Every four years or so my sister Aatma makes the trek from her Himalayan Valley home back to see her family. It’s driven by the need to renew her visa, since she’s been a “temporary” resident of India for over forty years.
This year the trip corresponded with my mother’s ninetieth birthday. Mom was the baby of four children born into the Depression in Montreal and is the surviving matriarch of her generation. Needless to say the plethora of nieces and nephews and grandchildren wanted to roll out the red carpet for multiple celebrations.
When you’re ninety, however, nothing in your life is exempt from COVID implications. Yes, Mom has been boosted as many times as the government has permitted, as has the entire family, but her risk management and my sister’s mild paranoia have resulted in all kinds of adaptation.
When my sister arrived from India, she quarantined for four days in an Air B&B before moving in with Mom. There were a heap of negotiations over an indoor restaurant celebration with the grandchildren on the night of her birthday - was it safe? Was it not safe?
Add to that my mother’s anxiety, which increases by a substantial degree every year. The doctor refuses to take her blood pressure because the mere sight of the nefarious arm cuff sends her pressure through the roof into stroke territory.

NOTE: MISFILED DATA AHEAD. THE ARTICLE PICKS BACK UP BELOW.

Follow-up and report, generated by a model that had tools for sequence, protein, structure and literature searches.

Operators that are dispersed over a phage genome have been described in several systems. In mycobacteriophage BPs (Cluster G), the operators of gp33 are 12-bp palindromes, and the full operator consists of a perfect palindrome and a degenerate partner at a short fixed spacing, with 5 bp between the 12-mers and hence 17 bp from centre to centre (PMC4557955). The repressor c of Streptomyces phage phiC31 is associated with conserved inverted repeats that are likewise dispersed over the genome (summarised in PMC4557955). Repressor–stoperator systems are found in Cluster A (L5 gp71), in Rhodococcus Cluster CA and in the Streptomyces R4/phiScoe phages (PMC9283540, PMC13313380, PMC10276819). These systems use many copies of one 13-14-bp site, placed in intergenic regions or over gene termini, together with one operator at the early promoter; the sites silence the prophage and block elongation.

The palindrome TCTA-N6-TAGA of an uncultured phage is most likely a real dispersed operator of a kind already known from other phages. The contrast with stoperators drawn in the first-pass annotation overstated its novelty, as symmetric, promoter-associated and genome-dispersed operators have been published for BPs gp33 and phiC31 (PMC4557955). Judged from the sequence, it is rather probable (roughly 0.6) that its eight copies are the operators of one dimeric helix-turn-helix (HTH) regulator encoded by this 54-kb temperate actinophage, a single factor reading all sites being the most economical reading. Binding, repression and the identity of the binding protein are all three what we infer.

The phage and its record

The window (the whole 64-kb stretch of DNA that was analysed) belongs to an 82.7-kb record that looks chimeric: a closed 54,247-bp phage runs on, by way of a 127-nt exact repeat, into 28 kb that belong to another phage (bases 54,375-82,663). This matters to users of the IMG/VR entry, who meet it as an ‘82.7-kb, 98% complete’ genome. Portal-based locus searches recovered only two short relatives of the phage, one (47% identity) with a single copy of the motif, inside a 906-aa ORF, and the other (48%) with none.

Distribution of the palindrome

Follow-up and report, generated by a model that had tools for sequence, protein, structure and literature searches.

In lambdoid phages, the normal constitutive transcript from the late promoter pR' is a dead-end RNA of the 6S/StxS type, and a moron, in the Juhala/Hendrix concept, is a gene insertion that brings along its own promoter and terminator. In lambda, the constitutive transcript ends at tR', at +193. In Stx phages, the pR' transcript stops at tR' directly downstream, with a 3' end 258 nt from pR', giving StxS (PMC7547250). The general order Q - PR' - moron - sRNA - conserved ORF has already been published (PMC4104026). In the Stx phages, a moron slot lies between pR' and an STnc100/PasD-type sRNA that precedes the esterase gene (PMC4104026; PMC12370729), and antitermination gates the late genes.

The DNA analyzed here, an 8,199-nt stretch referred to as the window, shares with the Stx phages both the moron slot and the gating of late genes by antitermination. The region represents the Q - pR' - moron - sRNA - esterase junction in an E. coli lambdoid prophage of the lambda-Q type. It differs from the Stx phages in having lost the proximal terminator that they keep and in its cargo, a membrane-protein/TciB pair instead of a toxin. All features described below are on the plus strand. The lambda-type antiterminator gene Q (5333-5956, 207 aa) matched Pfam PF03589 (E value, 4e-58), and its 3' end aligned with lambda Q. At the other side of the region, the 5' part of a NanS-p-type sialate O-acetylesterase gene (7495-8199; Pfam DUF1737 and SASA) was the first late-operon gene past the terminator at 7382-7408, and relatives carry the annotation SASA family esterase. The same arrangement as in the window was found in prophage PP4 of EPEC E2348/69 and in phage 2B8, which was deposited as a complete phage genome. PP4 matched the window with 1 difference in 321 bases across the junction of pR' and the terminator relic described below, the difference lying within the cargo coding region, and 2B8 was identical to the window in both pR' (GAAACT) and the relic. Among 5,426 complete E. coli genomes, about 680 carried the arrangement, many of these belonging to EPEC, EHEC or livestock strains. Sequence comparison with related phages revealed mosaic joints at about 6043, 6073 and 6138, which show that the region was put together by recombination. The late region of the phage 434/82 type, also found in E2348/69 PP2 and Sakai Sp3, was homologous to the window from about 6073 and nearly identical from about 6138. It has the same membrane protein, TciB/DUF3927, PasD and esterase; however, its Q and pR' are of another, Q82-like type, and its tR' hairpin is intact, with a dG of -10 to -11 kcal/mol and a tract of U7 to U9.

Which brings us to the event that nearly fractured our family into shards. Mom’s three nieces were taking her to lunch, indoors, on the Sunday following her birthday. It was all organized by her grand-niece Lianne and her mother Reisa. Lianne is an accomplished professional and a semi-professional baker.
A few days before the event Reisa fessed up. “Lianne has COVID, so there’s no way she’s coming. I saw her a few days ago, but I am fine. By the time of the party it will be seven days since I was exposed.”
My sister was up in arms. “Cancel it” she ordered. Not to Lianne, not to Reisa, not even to Mom. But to the only person who might listen.
I volunteered to break the news to Mom. I knew she didn’t have the courage to stand up to her nieces and say no. She would rather please them. And the anxiety of dealing with the confrontation would surely kill her….forget about the covid.
So after reading the riot act to Mom, I confronted my cousin. It only took her three minutes to convince me why the entire operation was safe…. I can be such a wimp sometimes…. I negotiated a negative covid test as a condition of the lunch taking place.
Of course Mom was relieved beyond belief, Aatma made me repeat the conversation verbatim (I’m the lawyer but she must have taken a course in Buddhist cross-examination) before she consented.
Which brings us to the afternoon of the party. It was a raving success. The ambiance and food were glorious and Mom and Aatma had a wonderful time, right through dessert. After blowing out the birthday candles on the multi-layer tower of a cake, they all dug in. It was sensational.
“Don’t you all just love Lianne’s cake?” Reisa asked.
No one has the courage to ask when it was baked.
As for me, Mom called my wife and complained that I had been a mean bully to her.
At least I get the final word on the subject…”Woof”.